Kevin Williams is using advanced algorithms to target the right people for the right job.
What’s your story?
I was born and raised in Jakarta, Indonesia. At the age of 8, I moved to the United States with my mother to pursue a better life. I went on to study Speech and Hearing Science at George Washington University in Washington, DC as an aspiring audiologist, prior to getting my first taste of the startup space in 2012. Since then, I have launched and scaled many startups, many in a General Manager role, in the US and abroad. Some of the companies I’ve worked in include car2go, mytaxi, Hailo, Breeze and more. With the skills and experiences I have gathered, I decided to create my own path to affect change here in Singapore and Southeast Asia. Now, I am the Co-Founder of SmartRetail in Singapore and Co-Founder and CEO of FindWork.
What excites you most about your industry?
The retail space is going through constant innovation, from accepting credit cards, to e-commerce and so on. Today, many retailers still seek a brick and mortar experience for their customers. At SmartRetail, we offer vending machines with intelligent smart vending technologies to businesses looking to provide the brick and mortar retail experience for customers, without the traditional brick and mortar setup costs.
In Southeast Asia, there is a huge problem in the blue collar recruitment space. Most recruitment technologies focus on startups or white collar jobs, so the blue collar jobs are neglected. However, with the FindWork app and a skills-based approach, we connect blue collar workers and educate the less skilled for jobs. Utilizing advanced algorithms, company job offers are placed in front of the correct target audience in the app and on paid social media campaigns. At the end of the day, it’s marketing and getting the word out there.
What’s your connection to Asia?
I was born in Jakarta, Indonesia and spent most of my early childhood there. At the age of 8, I moved to New Jersey with my mother to pursue a better life. After meeting my father for the first time only a few years ago, I was motivated to move back to Indonesia/Southeast Asia to be closer to where I grew up, my family and the Indonesian culture. Although I lived in the US for a long time, I feel most connected to Indonesia; the food, the language and the people are where I call “home.”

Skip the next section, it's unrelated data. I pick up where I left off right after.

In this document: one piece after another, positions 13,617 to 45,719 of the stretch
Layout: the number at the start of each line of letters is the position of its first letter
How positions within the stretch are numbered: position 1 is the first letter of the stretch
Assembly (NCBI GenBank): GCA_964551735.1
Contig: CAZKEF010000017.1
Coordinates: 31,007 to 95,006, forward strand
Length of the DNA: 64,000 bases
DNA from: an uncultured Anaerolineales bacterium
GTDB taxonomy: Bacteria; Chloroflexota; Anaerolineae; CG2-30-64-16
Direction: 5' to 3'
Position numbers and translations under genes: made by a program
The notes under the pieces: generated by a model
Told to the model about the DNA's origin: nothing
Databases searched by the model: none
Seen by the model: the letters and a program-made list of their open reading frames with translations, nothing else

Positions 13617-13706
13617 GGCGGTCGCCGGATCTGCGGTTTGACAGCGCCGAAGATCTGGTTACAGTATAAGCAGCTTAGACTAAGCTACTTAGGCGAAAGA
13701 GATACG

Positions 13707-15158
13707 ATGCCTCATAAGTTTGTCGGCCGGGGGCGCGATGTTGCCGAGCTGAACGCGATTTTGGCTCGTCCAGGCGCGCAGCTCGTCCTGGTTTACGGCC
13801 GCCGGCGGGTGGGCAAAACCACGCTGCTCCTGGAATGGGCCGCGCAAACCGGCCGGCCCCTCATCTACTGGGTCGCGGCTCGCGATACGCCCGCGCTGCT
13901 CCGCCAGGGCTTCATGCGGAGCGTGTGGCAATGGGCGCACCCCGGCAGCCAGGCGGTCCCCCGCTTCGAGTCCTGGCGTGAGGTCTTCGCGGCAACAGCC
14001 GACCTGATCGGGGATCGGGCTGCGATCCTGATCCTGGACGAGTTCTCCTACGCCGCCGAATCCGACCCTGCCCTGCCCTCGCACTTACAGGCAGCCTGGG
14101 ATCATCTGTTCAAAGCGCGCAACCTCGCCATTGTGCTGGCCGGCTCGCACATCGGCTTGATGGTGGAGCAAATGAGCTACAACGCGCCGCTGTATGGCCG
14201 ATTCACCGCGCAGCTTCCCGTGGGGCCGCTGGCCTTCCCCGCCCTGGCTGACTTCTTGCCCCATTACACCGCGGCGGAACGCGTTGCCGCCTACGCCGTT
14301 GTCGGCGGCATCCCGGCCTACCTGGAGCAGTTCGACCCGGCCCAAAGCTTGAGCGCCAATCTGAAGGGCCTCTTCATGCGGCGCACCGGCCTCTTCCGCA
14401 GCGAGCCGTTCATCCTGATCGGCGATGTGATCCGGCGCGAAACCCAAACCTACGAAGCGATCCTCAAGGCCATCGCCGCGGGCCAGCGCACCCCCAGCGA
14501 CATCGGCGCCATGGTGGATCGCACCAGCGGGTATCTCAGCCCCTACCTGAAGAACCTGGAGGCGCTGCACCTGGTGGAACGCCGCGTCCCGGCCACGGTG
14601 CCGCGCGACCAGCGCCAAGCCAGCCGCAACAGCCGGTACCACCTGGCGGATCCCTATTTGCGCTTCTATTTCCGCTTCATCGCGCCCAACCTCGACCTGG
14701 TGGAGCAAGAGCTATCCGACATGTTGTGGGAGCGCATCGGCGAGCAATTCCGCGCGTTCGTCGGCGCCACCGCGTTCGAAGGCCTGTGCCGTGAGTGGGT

Favourite city in Asia for business and why?
After having lived and worked in the United States, London, Singapore and Indonesia, I can definitely say that Singapore is my favourite city to do business. Singapore is enveloped in progressive people and technology. It makes business more fun when people are open to new technologies, the government is supportive of new companies and competitors move quickly to solve a problem. It’s the combination of a modern society and its proximity to the emerging Southeast Asian markets, which makes Singapore the best city in Asia for business.
What’s the best piece of advice you ever received?
While I was at Hailo, my ex-boss told me to stop focusing on what competitors do and instead, focus on building better connections with current users and finding more ways to better connect with future users. This goes back to the overarching idea that, “we’re in the people business.” No matter what the business is, software or not, making yourself accessible and your content personable is very important. Brand affinity and loyalty will always compete with price. Price is the aggressor, but people and relationships are what gives you loyalty.
Who inspires you?
My mother inspires me. She raised me as a single mother in a third world country during a difficult time. She then fought to find a way to bring me to the US for a better life, away from Indonesia. Through many hardships, I learnt a lot, and was always on the path towards success. It’s her perseverance and love that inspires me.
What have you just learnt recently that blew you away?
I recently became a little obsessed with watches after getting a collector’s Heuer Autavia (only 6 were available in Singapore). I didn’t know all of the mechanisms that went into making a great watch or why watches were so expensive. So, I read and watched a few YouTube videos and to find out why. The internal mechanisms of great watches are so complex and amazing.
If you had your time again, what would you do differently?
I would have focussed a bit more on basketball and tried to play professionally somewhere for a season.
How do you unwind?
Most weekday nights, I watch Netflix and/or catch-up on sports highlights. Then on the weekends, I try to find the best coffee shops and channel my inner Instagram food blogger (which I’m not) in either Singapore or Indonesia. I love to travel, so as long as I’m travelling and taking photos, I feel at peace.
Favourite Asian destination for relaxation? Why?
I am in love with Bali. Maybe I’m a bit biased because I met my girlfriend in Bali and lived in Bali for a bit, but the island is amazing. The vibe, people, food and friends make the island my second home.
Everyone in business should read this book:
Everyone should read Shoe Dog. Whether most people realize it or not, Nike exerts an influence that only a few brands in the world can. The journey that Phil Knight went on to start Nike is really interesting, and if you only have the time to read one book this year, let it be Shoe Dog.
Shameless plug for your business:
How can people connect with you?
This interview is part of the ‘Callum Connect’ series of more than 500 interviews
Callum Laing is an entrepreneur and investor based in Singapore. He has previously started, built and sold half a dozen businesses and is now a Partner at Unity-Group Private Equity and Co-Founder of The Marketing Group PLC. He is the author two best selling books ‘Progressive Partnerships’ and ‘Agglomerate’.